It became difficult to focus on writing about Ms. Mohammadi as Hamas’s homicidal attack on Israel played out on my computer monitors. Hamas murdered more than 1,300 Israelis, mostly civilians, with many of them, including children, killed in the most gruesome of ways. Hamas is also suspected of taking as many as 199 hostages. In response to this clear provocation, Israel has since killed many innocent Gazans through bombings and will likely invade Gaza soon.
Suddenly, the profile I was planning to write seemed wildly out of sync with what I was watching. The two stories seemed totally unconnected in their nature, geography and scale.
But further reflection revealed that, in fact, a clear thread runs through them. They represent a battle over the soul of Iran, with vast implications for the rest of the Middle East and, indeed, the globe.
The Hamas attack is, first and foremost, a story about antisemitic terrorism. But it is also, in many ways, a story about Iran’s regime. While Iran’s role in the planning and ordering of the attack has been widely speculated about in the media, there is not yet a “smoking gun” proving this link. But it is hard to imagine that Hamas, a terror group that receives US$100-million annually from the Islamic Republic, and whose leaders are received at the highest levels in Tehran, would attempt such a brazen attack without Iran’s sign-off. (It is worth noting that, despite sanctioning many Iranian entities, Iran’s Islamic Revolutionary Guard Corps (IRGC), Hamas’s key patron, has not been listed by Canada as a terror group despite repeated demands by activists. A subset of the IRGC, the Quds Force, is on Canada’s terror list.)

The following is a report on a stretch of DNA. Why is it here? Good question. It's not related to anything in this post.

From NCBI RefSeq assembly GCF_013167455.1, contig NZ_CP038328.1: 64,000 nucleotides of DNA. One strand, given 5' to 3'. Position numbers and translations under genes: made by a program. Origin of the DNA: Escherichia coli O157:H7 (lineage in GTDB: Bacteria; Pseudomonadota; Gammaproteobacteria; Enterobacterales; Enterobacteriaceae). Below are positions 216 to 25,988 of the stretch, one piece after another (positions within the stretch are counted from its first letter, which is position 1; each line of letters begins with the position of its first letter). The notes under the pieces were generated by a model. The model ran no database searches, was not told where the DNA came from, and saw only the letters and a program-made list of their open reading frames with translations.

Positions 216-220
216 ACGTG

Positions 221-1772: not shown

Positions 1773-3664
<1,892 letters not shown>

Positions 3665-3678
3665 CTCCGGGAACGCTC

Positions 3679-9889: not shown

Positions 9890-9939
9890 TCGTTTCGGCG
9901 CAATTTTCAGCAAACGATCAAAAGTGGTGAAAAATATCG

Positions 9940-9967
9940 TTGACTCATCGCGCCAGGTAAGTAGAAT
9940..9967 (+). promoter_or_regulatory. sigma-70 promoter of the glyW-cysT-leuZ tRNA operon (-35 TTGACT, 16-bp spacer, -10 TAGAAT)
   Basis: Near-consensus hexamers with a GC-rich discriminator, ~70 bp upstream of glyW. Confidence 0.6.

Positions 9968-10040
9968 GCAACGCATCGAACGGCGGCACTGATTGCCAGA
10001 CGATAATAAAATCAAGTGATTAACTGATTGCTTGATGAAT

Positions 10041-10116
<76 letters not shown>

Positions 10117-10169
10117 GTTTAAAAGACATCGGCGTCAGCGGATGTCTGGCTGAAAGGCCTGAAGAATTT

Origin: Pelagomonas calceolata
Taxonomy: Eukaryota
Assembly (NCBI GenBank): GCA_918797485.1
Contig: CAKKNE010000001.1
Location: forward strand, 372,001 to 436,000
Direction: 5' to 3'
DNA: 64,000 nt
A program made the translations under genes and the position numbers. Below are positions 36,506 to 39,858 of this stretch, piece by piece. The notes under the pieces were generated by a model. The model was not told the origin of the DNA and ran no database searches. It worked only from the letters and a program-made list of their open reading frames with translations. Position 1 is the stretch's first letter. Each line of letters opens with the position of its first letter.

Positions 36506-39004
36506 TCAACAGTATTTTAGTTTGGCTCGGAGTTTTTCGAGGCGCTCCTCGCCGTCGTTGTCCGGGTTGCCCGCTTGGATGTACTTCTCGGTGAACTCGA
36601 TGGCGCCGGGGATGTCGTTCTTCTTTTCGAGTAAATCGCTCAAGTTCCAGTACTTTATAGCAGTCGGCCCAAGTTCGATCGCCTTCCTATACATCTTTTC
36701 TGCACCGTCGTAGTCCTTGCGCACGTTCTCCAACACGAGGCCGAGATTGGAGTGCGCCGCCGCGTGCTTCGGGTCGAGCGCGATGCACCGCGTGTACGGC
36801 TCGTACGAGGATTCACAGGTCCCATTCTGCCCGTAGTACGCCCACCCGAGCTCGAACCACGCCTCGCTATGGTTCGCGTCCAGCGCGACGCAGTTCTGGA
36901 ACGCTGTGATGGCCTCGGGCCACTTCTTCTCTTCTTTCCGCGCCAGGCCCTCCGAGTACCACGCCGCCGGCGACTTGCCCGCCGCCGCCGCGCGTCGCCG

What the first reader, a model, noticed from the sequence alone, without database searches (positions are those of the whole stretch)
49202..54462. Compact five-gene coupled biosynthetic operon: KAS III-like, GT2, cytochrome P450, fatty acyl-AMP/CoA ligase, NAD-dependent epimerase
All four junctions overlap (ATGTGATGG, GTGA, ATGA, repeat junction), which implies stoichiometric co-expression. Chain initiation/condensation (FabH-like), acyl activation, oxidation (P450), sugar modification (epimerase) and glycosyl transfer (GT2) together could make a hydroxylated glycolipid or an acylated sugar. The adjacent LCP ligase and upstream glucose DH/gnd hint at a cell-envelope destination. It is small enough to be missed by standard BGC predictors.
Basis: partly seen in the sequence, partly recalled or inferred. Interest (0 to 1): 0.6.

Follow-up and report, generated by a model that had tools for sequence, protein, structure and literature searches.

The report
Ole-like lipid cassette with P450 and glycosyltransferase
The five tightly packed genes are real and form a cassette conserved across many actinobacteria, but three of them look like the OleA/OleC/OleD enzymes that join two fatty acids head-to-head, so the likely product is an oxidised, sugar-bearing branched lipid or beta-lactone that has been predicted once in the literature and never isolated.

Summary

The weekend attack is also consistent with the Iranian regime’s weltanschauung. Antisemitism and a desire to destroy Israel have been cornerstones of Islamic Republic policy since its founding in 1979.
But Tehran’s appetite for destruction goes beyond Israel.
Enmity with the world is woven into the regime’s DNA. It came to life with the hostage crisis of 1979, manifested in the Beirut bombings, and continues in the standoff over its nuclear program.
At home, the regime is soaked in blood. Its current President was directly involved in a massacre Canada deemed a crime against humanity. It oversees a gender apartheid apparatus that killed Mahsa Jina Amini last year for “improper hijab.” It is one of the leading executioners in the world.
It is, in short, a regime ripped from the darkest corners of the Middle Ages and transported to the 21st century.
But languishing in its prison, in the person of now-Nobel Laureate Narges Mohammadi, is a different vision.